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Maximizing damages in personal injury cases can be more than negotiating and litigating with the at-fault party. If there are unpaid or underpaid medical bills, hospitals and other medical service providers can seek reimbursement from the injured person. Insurers may also seek reimbursement from the policy-holder or from another insurer, depending on how much was paid, if there were multiple insurers obligated to pay, and what was agreed upon in each policy. In Humana Medical Plan Inc. vs. Western Heritage Ins. Co. (No. 15-11436), the Eleventh Circuit Court of Appeals assessed whether or not a corporate insurer, acting as an Medicare Advantage Organization (MAO) under Medicare Part C, can sue the insurer (the primary payer) for a hotel chain that settled a personal injury case with a woman injured on hotel property.  Florida HotelThe MAO initially sought reimbursement from the injured woman and her husband, but then it chose to pursue the insurer, creating new federal case precedence for Florida.

Following the premises liability accident, the injured woman sought medical treatment, which was billed to and paid by the MAO at $19,155.14. After the woman sued the hotel property, the MAO sent her a bill in the same amount, which is allowed under Part E of the Medicare Act (known as the MSP), under which Medicare payments are secondary and reimbursable if any other insurer is liable. This includes a personal injury defendant’s insurer. The amount was not appealed by any party to the action. As part of the settlement, the insurer and hotel chain tried to include the MAO on the settlement draft. The injured woman and her husband refused and sought sanctions for non-compliance with the settlement agreement. The amount was held in trust, and the hotel chain paid $115,000 to the couple. The insurer then went after reimbursement from the hotel’s insurer under the MSP private cause of action, 42 U.S.C. § 1395y(b)(3)(A), which allows double damages. The Florida federal district court granted summary judgment to the MAO, ordering the double damages under the MSP, and the hotel’s insurer appealed.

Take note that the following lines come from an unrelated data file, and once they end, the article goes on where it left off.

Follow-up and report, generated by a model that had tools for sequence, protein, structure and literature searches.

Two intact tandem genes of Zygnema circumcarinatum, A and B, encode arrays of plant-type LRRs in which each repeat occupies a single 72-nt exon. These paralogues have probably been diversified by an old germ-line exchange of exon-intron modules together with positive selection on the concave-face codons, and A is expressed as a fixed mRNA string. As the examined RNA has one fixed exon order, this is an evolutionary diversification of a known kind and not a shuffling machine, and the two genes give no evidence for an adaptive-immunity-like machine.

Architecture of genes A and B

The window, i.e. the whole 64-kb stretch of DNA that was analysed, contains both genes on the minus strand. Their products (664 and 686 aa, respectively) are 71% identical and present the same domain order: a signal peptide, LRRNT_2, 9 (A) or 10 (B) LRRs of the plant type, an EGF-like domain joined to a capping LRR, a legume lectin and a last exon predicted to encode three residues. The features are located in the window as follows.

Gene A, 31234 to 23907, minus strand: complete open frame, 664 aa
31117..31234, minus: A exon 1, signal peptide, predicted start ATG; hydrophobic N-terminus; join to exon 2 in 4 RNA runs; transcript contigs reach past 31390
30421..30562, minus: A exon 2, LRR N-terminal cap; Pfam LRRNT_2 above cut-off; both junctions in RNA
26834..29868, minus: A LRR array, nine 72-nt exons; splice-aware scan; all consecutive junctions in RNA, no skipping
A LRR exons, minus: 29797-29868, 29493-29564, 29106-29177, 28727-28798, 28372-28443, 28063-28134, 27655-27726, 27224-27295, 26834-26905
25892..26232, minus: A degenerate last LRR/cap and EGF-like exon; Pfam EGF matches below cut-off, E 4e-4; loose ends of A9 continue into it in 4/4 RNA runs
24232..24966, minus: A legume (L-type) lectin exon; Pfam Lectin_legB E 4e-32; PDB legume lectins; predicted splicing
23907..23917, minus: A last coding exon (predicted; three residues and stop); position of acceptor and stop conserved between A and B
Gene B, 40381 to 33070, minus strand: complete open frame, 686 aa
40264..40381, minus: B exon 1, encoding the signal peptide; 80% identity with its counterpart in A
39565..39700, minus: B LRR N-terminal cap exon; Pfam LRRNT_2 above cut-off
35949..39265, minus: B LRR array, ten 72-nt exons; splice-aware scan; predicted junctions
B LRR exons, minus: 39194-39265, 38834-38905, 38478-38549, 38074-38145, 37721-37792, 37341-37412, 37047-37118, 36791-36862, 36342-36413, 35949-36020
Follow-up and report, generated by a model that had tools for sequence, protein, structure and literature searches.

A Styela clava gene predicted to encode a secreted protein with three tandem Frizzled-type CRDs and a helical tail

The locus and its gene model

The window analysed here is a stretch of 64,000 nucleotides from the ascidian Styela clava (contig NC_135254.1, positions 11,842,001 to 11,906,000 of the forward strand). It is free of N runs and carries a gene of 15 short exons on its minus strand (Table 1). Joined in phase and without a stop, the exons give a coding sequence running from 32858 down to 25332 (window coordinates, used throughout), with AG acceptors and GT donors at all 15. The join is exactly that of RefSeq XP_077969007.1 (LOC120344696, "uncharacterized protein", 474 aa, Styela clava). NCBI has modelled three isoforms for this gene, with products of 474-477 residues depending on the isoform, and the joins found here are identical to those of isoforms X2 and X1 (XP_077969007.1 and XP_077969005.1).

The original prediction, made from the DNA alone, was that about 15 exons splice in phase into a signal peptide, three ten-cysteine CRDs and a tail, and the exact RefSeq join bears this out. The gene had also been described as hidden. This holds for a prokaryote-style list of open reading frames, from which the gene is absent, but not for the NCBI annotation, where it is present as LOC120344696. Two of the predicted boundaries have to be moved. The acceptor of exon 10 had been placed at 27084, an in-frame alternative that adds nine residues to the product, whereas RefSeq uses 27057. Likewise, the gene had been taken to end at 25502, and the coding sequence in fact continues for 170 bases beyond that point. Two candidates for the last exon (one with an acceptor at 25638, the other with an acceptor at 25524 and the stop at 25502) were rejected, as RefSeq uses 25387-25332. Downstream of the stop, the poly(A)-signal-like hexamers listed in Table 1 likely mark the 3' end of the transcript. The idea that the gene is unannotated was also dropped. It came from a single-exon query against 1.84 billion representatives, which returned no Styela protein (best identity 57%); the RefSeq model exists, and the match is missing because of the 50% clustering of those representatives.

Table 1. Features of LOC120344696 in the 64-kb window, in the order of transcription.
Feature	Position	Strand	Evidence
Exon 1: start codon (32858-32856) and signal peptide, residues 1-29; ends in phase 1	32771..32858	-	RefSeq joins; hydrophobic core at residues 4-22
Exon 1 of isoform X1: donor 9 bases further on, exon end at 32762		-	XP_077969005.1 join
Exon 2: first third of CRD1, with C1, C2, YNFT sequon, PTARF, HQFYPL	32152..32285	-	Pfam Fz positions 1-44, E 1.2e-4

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As previously discussed, nursing homes occasionally use Arbitration Agreements, which funnel liability disputes to an arbitrator instead of the state or federal civil court system. Recently, several opinions have been issued from Florida District Courts of Appeal that have ruled on whether or not a nursing home resident is bound by the arbitration agreement when she or he did not sign the agreement prior to her or his stay at the facility. The courts have come to conflicting conclusions on this matter. Contract Signature LineThe Supreme Court clarified what’s appropriate under the law in Florida in Mendez vs. Hampton Court Nursing Center, LLC (No. SC14-1349).

In Mendez, the son of a now-deceased resident filed suit against the nursing home for negligence after his father lost his left eye due to an infection acquired during his stay at the facility. The father passed away during the proceeding, and the son moved forward with the case on the estate’s behalf. The nursing home moved to compel arbitration, and the Second District granted it, ruling the resident father was bound by the agreement as a third-party beneficiary, even though the son was the one who signed the agreement. The son appealed.

The Supreme Court first cited 21 Williston on Contracts § 57:19, at 181 (4th ed. 2001), which states that third persons who are not parties to an arbitration agreement are generally not bound by the agreement. The court markedly rejected the approach taken by the First and Third Districts, which held that a resident is bound by the contract. The defendant encouraged the court to apply the doctrine of third-party beneficiaries, under which a person sues to enforce a contract, even if they are not a party to the contract. In this scenario, the clear or manifest intent of the contracting parties that the contract primarily and directly benefit the third party must be shown.